10 tips for tuba players from Roger Bobo

Dec 16, 2015

Brass legend, virtuoso soloist, world renowned teacher. These may come to your mind when you think about Roger Bobo. After playing in the Los Angeles Philharmonic for 25 years, he decided to make a change in his career and dedicate his time to teaching and conducting. Here at Play with a Pro, we have had the pleasure to meet Mr. Bobo at Domaine Forget and asked him a few questions which can come in handy for all tuba players. Read some of Bobo’s stories and tips on how to improve your tuba playing.

You can watch the full video of the interview here  

1. Why did you choose the tuba?

Well there are two parts to this. When I was little boy I was sitting on my father's shoulders in front of this big church in Los Angeles and there was a brass choir playing from the tower of this  church. It was the most fantastic beautiful sound. .. Later on when I was 7, I started playing the trumpet. I played the trumpet for a few years and then lost interest. Then when it was time to go to junior high school, we went to visit our future high school. There was this room with all these musical instruments and we were told not to touch anything, but there was this big instrument sitting and I went over there and I climbed into it and I started to play it. It felt wonderful and I loved the sound of it and the feeling of making it sound. It operated exactly as a trumpet, but a few keys lower. I could play my two favorite pieces on it. So because of the natural affinity to feel good, to enjoy the sound and because it was forbidden (you know the forbidden fruit syndrome) then I was stuck with it for the rest of my life.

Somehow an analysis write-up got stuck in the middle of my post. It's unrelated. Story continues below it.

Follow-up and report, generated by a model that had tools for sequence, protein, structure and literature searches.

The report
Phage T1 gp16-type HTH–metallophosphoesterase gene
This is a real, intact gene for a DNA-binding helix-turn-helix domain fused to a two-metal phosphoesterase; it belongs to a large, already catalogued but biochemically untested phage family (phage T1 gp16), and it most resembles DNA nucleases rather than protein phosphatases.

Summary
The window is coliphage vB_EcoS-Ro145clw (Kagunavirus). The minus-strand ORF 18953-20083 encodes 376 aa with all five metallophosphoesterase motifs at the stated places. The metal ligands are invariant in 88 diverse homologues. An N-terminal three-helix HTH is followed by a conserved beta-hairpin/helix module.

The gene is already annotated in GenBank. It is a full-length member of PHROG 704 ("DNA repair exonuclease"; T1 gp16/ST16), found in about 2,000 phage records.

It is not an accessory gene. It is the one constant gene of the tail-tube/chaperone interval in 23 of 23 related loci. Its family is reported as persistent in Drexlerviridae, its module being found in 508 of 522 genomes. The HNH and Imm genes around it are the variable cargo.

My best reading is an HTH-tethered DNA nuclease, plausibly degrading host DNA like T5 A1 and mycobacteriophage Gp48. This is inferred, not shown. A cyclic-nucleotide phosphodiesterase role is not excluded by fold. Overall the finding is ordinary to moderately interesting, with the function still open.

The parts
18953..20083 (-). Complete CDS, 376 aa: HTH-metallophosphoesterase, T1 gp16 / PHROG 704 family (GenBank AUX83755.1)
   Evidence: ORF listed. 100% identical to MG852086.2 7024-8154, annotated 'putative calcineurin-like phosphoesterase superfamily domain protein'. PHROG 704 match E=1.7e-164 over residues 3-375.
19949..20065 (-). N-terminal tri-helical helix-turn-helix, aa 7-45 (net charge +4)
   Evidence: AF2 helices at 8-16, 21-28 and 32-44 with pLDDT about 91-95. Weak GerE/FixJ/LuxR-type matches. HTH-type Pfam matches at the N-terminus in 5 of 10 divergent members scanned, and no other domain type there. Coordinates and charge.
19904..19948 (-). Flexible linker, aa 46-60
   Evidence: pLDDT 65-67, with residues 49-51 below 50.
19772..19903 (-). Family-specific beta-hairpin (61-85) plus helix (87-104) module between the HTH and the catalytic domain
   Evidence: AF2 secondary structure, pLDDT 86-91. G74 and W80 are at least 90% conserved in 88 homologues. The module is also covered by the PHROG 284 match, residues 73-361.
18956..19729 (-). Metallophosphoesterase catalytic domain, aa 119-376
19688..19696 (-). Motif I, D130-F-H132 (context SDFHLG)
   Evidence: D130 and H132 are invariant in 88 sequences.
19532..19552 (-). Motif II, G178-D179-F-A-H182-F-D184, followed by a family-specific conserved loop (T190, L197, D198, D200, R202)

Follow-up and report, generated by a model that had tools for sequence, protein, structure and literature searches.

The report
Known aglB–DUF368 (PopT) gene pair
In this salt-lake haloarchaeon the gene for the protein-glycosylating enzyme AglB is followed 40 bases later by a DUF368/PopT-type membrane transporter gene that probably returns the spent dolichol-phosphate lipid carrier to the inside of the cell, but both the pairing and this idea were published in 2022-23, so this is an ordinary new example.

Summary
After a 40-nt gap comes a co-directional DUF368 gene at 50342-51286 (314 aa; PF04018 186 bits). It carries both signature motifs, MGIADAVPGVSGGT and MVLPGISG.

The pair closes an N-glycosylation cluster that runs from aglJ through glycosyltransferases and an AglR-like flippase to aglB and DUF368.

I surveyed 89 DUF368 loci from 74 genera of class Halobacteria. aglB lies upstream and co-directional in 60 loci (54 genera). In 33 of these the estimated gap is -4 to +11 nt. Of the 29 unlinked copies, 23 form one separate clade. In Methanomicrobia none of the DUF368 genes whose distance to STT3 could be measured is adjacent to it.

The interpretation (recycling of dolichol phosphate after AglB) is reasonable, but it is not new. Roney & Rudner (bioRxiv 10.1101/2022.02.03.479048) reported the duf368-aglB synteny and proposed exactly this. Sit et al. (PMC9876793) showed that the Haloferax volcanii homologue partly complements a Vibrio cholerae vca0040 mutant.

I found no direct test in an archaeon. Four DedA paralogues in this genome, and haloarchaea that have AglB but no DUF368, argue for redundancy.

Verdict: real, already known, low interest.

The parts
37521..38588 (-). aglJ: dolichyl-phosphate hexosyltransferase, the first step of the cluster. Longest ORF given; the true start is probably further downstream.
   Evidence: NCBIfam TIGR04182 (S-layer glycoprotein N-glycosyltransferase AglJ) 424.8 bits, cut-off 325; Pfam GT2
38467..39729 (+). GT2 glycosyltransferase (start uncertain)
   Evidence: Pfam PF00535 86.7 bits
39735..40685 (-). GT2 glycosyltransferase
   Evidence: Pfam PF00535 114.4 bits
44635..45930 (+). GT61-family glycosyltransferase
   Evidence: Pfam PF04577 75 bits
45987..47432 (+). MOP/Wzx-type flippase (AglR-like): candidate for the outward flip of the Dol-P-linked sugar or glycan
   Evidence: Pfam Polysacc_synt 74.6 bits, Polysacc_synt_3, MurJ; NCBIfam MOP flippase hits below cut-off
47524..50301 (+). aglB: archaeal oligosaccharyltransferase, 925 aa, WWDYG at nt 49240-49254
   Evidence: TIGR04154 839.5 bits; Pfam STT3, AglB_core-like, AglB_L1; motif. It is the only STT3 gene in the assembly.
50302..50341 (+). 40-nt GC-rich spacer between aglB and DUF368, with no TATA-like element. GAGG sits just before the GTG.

2. What makes a great tuba player?

You need to be musical. We can discuss what musical means for the next hour and a half, or for a few days. You know it’s somebody who loves music and can take a simple melody and make it into something beautiful. That means they are musical.  

3. I heard you singing while teaching… how does that help?

I use singing to teach and it gives a lyricism to the tuba players and I also use it sometimes to get them to feel the sound. Sometimes they are playing with this little bit of air and they sound pale, but if I start singing 6 inches away from their ear suddenly the start playing big  and this works every time.


4. What is a good sound on the tuba?

This should be in plural. What are good sounds?  There are many sounds and it depends on the piece you are playing. What you do in the symphony orchestra it’s not the same with what you do as a soloist. So we are required to take on many identities. We need to have several voices that fit in the context of the music.  

5. How was life in the orchestra?

You have to be a team player. Frankly when I first got a job in an orchestra I was trying to be  a teamplayer, but I was also ambitious... In the LA orchestra we were always able to talk things over  and we enjoyed it. This doesn’t happen in all the orchestras. It was a very special orchestra. Like everybody in the brass section had a master's degree and I think that helped.  After I left the orchestra I started conducting a bit and suddenly the brass section became a lot less important than I thought it was when I was sitting in the back playing those parts.